Show, Don’t Tell: The Key to Effective Communication for Places

Trust in public institutions has declined over the past few decades. For example, only 20% of Americans trust the federal government today, down from 75% fifty years ago. This erosion of trust applies to local governments as well. People have become more skeptical of city councils, mayor’s offices, and other municipal bodies. Many factors contribute to this, but let’s zero in on one that’s both pivotal and fixable: poor communication. 

Lost in Translation

Communication is a two-way street involving a sender and a receiver. Many municipalities treat public diplomacy as an afterthought, relying on outdated, one-way communication methods that fail to engage modern, digitally connected citizens. The use of bureaucratic jargon further alienates the audience.

On the receiving end, people suffer from information overload. The average office worker gets 121 emails per day. We’re bombarded with 4,000-10,000 marketing messages daily. This constant flood of information leads to “information fatigue.” Mentally exhausted people tune out new information.

Additionally, the current climate of perpetual crisis makes matters worse. Nearly half of American adults say stress negatively affects their behavior. One in six Americans is on antidepressants, with more than a quarter of those being long-term users (a decade or more of use). This matters, because stress significantly impairs cognitive skills like attention, memory, and decision-making.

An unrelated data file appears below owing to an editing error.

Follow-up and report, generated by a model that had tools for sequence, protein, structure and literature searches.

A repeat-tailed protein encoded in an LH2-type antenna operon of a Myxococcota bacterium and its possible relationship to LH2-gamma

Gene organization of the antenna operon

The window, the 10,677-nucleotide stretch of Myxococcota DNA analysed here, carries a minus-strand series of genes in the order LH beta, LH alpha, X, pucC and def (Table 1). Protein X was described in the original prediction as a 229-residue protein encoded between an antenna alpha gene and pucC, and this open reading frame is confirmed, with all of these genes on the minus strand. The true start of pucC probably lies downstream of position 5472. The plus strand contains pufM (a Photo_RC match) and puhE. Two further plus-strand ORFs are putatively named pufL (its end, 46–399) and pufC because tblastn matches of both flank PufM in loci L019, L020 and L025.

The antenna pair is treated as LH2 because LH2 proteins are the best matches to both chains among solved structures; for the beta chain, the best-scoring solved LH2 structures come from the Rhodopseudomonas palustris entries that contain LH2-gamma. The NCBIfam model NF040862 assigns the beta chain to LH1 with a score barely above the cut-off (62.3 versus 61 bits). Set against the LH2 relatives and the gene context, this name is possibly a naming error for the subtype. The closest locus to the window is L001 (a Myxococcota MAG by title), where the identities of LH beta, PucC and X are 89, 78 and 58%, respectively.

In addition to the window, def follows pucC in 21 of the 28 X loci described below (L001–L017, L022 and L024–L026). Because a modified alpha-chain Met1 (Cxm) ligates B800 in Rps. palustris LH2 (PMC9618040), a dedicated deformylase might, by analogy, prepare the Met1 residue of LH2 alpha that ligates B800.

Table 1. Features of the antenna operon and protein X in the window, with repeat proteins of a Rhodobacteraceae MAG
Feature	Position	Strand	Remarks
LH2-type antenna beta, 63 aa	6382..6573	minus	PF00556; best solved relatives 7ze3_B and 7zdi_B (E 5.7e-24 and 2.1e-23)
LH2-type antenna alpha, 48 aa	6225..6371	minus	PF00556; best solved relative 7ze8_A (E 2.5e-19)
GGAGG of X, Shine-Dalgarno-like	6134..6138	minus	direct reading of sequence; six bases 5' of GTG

When outdated, jargon-filled communication meets an overwhelmed and stressed citizen, the result is a vicious cycle of eroding trust and ineffective communication.

The Communication Death Cycle is a negative feedback loop where poor communication leads to disengagement, eroding trust and diminishing willingness to engage further. This, in turn, worsens communication quality, perpetuating the cycle.

Fortunately, there’s an antidote, and it’s simpler than you’d think. We called it: ”Show, Don’t Tell.” This two-part approach relies on tangible visuals and simplicity.

The right picture is worth a thousand words

Take Izmir, Turkey’s third-largest city, as an example. The city aims to make its polluted gulf swimmable again through an ambitious program called “The Living Gulf.” One aspect involves removing mud that obstructs water flow. The municipality announced, “30,000 truckloads of mud removed annually,” a figure too abstract for most people to grasp.

The Izmir Municipality’s ad states they remove “30,000 truckloads of mud annually,” a statistic that is difficult for the average person to visualize or comprehend.

Instead, they could have said, “Stacking all the removed dirt would create a tower five times taller than Mount Everest.” This provides a relatable visual cue, making the message more impactful. Visuals based on familiar landmarks or sports fields work, too.